These ideas are generally bigger than 'service design' or design-led strategy for service organisations, but I hope they're exciting for anyone working on bringing design and design thinking to public sector innovation and reform. So, here they are:
Mutualising and atomising the public sector
Philip Blonds thesis, The Ownership State is one of the most interesting big ideas around at the moment. Read the report here.
Essentially he suggesting that any part of the public sector should be allowed to mutualise. I love the simplicity of the idea, but I'm sure there's an enormous sea of complexity to navigate to get there.
My dad has actually been working with some social workers in Kent to help setup employee owned 'social work practices' along the lines of GP practices, and he told me the biggest hurdle they're currently facing is pensions - just one example of the amazingly tangled, interconnectedness of public sector reform.
Treating public funds as social venture capital funds
Lee Bryant at Headshift has a fantastic idea (or at least he's fantastically eloquent at explaining it) to treat public sector IT budgets as venture capital funds - that is that they should expect a (social) return on investment, invest small amounts and scale up when they see success, and invest in entrepreneurs not companies.
This is in marked contrast to how IT budgets are currently spent, which is generally to contract out huge, highly specified projects to an elite group of very large companies. You can watch him explain it better than me here. (scroll down through the videos)
It seems to me that this model could work way beyond IT and would be a great way to conceptualise the role of the shrunken centre in Blond's ownership state model - Ministers and senior civil servants then become investment managers, responsible for nurturing social entrepreneurs by encouraging innovators to come to them in order to apply for funding. They then get rewarded for growing their investment portfolio, and each portfolio (aka ministry) could have a different investment focus (e.g security, health, etc). This would be in marked contrast to current managerial approaches.
Design as the bridge between innovative ideas and action
Engaging users in service design is hard. Blond says in his pamphlet, 'while engaging service users in new ways has long been considered desirable, it has proven extremely difficult to realise in practice'.
As many readers of this blog know, (many readers, hmm…) my work (and interests) focuses on bringing the tools and practices of designers and design organisations into the context of services.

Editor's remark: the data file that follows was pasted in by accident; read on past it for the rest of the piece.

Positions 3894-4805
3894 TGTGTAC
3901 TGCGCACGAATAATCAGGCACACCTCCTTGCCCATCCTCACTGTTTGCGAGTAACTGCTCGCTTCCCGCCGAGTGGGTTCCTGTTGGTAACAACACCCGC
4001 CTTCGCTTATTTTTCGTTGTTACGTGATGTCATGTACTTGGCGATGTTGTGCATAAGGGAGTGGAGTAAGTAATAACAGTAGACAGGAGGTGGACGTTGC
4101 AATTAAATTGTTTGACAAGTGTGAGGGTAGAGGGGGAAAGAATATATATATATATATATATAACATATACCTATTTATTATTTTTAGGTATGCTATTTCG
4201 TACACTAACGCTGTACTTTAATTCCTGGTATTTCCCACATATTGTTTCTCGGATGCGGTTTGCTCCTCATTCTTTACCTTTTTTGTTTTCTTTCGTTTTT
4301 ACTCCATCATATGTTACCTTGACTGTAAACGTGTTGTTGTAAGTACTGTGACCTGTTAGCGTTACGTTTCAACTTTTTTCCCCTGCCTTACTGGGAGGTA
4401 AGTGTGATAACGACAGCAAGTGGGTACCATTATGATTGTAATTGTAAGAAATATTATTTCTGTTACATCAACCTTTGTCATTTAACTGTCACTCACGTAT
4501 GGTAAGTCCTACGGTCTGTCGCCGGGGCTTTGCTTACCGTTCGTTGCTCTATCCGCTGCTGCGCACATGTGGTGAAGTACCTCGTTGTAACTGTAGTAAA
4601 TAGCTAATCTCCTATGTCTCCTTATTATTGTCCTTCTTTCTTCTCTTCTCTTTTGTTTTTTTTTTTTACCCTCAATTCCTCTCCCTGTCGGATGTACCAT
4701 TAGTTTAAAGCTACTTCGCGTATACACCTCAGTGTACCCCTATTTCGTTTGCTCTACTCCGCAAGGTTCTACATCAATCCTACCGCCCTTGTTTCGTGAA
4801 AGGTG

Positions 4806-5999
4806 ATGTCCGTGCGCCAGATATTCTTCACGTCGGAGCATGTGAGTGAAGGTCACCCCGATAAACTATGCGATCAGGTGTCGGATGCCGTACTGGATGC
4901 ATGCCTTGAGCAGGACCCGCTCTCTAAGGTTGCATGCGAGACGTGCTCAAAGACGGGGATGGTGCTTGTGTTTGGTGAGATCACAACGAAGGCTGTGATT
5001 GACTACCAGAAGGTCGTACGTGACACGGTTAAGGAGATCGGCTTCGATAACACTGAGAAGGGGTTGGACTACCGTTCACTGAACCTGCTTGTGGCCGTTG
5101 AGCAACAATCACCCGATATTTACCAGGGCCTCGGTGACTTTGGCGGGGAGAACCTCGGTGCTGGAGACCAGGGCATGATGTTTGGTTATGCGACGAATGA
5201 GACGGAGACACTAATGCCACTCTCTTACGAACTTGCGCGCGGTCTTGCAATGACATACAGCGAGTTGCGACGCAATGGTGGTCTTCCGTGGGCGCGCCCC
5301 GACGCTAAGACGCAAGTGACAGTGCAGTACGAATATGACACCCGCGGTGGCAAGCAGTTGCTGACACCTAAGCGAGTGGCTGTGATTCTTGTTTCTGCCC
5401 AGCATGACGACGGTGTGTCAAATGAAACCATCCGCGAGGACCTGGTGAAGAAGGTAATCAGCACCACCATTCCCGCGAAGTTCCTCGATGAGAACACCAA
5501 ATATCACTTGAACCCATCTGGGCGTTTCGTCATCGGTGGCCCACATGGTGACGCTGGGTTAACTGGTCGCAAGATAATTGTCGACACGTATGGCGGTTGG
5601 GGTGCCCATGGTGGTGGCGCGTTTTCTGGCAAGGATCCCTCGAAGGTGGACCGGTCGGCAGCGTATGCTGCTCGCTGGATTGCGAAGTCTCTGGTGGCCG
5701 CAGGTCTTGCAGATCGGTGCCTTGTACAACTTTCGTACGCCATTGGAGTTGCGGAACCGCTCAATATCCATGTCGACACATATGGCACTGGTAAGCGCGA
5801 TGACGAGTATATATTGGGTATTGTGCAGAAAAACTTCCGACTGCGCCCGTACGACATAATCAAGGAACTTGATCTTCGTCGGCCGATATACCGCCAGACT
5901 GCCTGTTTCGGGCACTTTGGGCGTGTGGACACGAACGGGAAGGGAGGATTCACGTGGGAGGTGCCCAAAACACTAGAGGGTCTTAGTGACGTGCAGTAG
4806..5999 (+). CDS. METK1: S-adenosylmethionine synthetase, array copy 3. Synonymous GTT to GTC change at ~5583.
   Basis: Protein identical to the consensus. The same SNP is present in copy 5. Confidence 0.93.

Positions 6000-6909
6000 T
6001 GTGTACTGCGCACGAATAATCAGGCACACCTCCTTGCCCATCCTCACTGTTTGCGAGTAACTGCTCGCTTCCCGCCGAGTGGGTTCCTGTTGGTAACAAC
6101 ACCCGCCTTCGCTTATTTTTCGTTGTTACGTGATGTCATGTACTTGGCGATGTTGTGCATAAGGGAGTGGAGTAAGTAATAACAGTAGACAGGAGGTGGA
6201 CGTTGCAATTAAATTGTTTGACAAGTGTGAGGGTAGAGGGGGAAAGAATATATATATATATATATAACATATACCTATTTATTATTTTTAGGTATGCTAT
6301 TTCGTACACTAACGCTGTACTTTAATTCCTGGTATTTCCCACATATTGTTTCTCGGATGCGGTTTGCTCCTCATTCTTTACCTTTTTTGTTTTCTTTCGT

I've found that many of the approaches used by designers to create new products (in particular interactive products) can be abstracted and easily translated into the context of services - examples include; the idea of user centred design and user research; the focus on the user experience of a design for evaluating success; the emphasis on small multi-disciplinary teams; the focus on turning problems into projects and rewarding/recognising people who work on the toughest projects; the focus on 'building to think' by creating prototypes of solutions and experiences and iterating them with users; and the idea of a 'design process' to guide a journey into the unknown - I could go on (and have done many times before!)
Roger Martin at the Rotman School of Management has a good paper of his that sums up the design thinking movement quite nicely (albeit very sales-y).
Hyperlocal media as a service for users and communities
Finally, I'm getting more and more fascinated by the power of hyperlocal media to connect and empower geographic community groups, and not just communities of practice. It seems to me that a good understanding of the role of media as a service to users (not a broadcast tool for organisations) is going to be vital to connecting together the various bits of the ownership state, connecting those bits into communities, and providing the low cost channels for service users to assert their ownership of the new public sector.
My local blog - 'Brockley Central' - is a great resource and hub for local people to raise issues, discuss local projects and initiatives and connect with other people in the community. I love it.
William Perrin is setting up a social enterprise funded by 4iP called 'talk about local' that is trying to connect together policy and people in this area. There's a good overview on his website (second video down)
So, they're the big ideas I'm big excited about, lots of other people are too, and I'm looking forward to 2010 when we can start smashing them together through projects and events! If you have any other big ideas that I should be big excited about, please tweet or put some links in the comments. December 2nd, 2009 / Tags: servicedesign, designthinking, publicservices / Trackback / Comments